Officers at the Louisiana police department have recently welcomed a new K-9 on board. Her name is Nadia, and she is a 2-year-old Belgian Dutch Shepherd, that was born in the Netherlands. After being raised and trained by K-9 Working Dogs International, she received additional training in Ohio, along with her new handler, officer Eddie Embly. They have already connected as the perfect team.
“Officer Embly has had K-9 experience in the past,” said Louisiana Police Chief Will Jones. “He has years of experience working with search dogs, and he is a dog lover in general. He has also worked with a certified K-9 that searched for narcotics previously. Embly worked here in Louisiana for about six months after getting out of the academy, and then he moved to where his family was living in New Mexico. We had the opportunity to bring him back as a K-9 officer, and he was certainly glad to come back on board,” added Jones.
Nadia is a full-service dog, and has been certified in search and rescue, narcotics, and is also bite certified. She was raised around a family with children, so she is familiar and friendly with kids. K9 Working Dogs International is a private contractor, for profit business, with emphasis on providing modern motivational training methods for service dogs and police K-9s. With locations in North America and Europe, they serve both the private sector and law enforcement agencies globally.
“While Nadia was a puppy, she was already living with her trainer and his family,” said Jones. “So the trainer basically raised her as a pet, and then began training her, which was really good for her confidence level. She received three levels of obedience training and she was the only dog in her class that did the 3-mile track without mistakes,” he added.
According to hero911.org, K-9 officers were first used in 1907 in New York City. Many dogs live with their handler while on duty and even after retirement. Their handlers feed, groom, and take care of them just like a pet. Police dogs are extremely effective in searching for people and evidence, even being able to sniff out electronics such as hard drives and thumb drives.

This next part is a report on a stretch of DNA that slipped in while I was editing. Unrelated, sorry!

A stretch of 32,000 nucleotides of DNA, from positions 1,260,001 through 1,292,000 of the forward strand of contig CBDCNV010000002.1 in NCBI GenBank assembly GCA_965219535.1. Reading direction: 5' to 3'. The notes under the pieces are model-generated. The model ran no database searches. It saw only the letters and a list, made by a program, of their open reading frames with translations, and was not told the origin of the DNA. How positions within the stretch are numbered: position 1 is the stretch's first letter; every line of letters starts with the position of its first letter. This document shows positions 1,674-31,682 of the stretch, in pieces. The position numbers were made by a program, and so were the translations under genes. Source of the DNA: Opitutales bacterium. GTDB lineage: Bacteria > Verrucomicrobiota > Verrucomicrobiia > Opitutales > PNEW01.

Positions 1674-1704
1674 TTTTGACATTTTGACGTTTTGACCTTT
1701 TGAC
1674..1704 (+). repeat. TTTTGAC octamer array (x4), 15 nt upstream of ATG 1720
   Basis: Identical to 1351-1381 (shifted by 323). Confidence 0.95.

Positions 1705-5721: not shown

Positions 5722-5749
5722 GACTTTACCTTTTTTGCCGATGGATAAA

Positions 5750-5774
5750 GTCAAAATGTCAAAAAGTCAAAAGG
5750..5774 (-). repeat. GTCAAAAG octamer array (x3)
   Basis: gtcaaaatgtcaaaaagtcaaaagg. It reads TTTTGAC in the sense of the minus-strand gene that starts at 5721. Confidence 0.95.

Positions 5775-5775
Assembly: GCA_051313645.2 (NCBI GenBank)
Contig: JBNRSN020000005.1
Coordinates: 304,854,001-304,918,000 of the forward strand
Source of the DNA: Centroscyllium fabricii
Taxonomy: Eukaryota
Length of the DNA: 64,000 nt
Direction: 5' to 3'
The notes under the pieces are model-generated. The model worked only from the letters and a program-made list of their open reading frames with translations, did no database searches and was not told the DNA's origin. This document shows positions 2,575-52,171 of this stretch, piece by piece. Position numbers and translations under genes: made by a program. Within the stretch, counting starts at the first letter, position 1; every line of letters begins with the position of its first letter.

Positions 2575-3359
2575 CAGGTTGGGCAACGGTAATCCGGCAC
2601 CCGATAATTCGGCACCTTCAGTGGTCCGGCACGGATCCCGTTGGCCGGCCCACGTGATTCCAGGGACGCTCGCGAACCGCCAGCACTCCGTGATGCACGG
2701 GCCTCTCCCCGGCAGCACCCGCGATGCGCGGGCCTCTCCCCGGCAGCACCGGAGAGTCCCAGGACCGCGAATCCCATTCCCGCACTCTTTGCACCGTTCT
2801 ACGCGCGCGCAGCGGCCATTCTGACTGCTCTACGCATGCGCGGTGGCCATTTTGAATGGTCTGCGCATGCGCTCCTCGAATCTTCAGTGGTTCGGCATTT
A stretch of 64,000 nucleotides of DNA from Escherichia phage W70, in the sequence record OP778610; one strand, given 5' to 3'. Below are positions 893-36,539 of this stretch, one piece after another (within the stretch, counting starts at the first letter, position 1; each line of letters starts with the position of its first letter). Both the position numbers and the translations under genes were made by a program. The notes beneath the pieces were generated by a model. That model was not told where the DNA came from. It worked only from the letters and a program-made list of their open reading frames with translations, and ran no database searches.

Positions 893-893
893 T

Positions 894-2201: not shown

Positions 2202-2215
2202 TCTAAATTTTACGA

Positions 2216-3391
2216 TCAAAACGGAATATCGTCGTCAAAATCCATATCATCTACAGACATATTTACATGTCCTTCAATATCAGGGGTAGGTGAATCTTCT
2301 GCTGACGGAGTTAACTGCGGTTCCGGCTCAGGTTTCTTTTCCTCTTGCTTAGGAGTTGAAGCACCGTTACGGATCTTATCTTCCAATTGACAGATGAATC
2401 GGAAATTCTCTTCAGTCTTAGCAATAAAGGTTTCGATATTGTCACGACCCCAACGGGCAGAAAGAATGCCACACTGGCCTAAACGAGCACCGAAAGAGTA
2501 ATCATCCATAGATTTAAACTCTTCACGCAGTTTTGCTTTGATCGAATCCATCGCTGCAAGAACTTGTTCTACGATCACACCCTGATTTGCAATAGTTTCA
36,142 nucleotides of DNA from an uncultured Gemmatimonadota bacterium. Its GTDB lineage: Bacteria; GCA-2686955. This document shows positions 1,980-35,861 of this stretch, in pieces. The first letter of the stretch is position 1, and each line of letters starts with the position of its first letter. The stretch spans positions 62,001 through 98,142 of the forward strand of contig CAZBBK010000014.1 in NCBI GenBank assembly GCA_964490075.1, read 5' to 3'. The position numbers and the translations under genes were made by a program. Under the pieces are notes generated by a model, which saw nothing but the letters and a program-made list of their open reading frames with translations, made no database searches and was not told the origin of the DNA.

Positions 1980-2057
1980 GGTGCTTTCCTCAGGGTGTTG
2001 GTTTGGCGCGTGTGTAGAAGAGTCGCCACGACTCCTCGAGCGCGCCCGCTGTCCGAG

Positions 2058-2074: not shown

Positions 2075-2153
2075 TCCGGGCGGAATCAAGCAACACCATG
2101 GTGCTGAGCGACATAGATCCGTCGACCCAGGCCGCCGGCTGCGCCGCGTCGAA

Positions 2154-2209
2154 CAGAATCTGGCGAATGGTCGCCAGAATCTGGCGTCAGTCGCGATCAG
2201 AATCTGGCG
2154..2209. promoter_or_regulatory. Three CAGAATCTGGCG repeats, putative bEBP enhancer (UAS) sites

“In her first few weeks, she has successfully found narcotics during two vehicle searches,” said Jones. “She has been used to clear buildings while searching for people, and we were going to have her search for a missing juvenile down by the riverfront, but the child made contact with the family first. We have put her to the test in our own training here, and she outperforms our expectations. We had her do a search on our own vehicles, and we have also done bite training with a bite sleeve,” he added.
In the state of Missouri, if a K-9 “hits” on a vehicle, indicating that there may be narcotics inside, the officers are not required to obtain a search warrant. The Louisiana police department has researched and confirmed the necessary laws and procedures for utilizing a police dog, including having had discussions with the Pike County’s prosecuting attorney. The addition of this new K-9 is seen as a big step forward, in the battle against dangerous and illegal drugs in Louisiana, the department said.
“We have the Mississippi River here, but the drugs aren’t coming in on the barges. We have the railroad that runs right through our town, but the drugs aren’t coming in on the trains. They are coming into our town through motor vehicles. And this K-9 is going to be an essential key to solving that problem,” said Jones.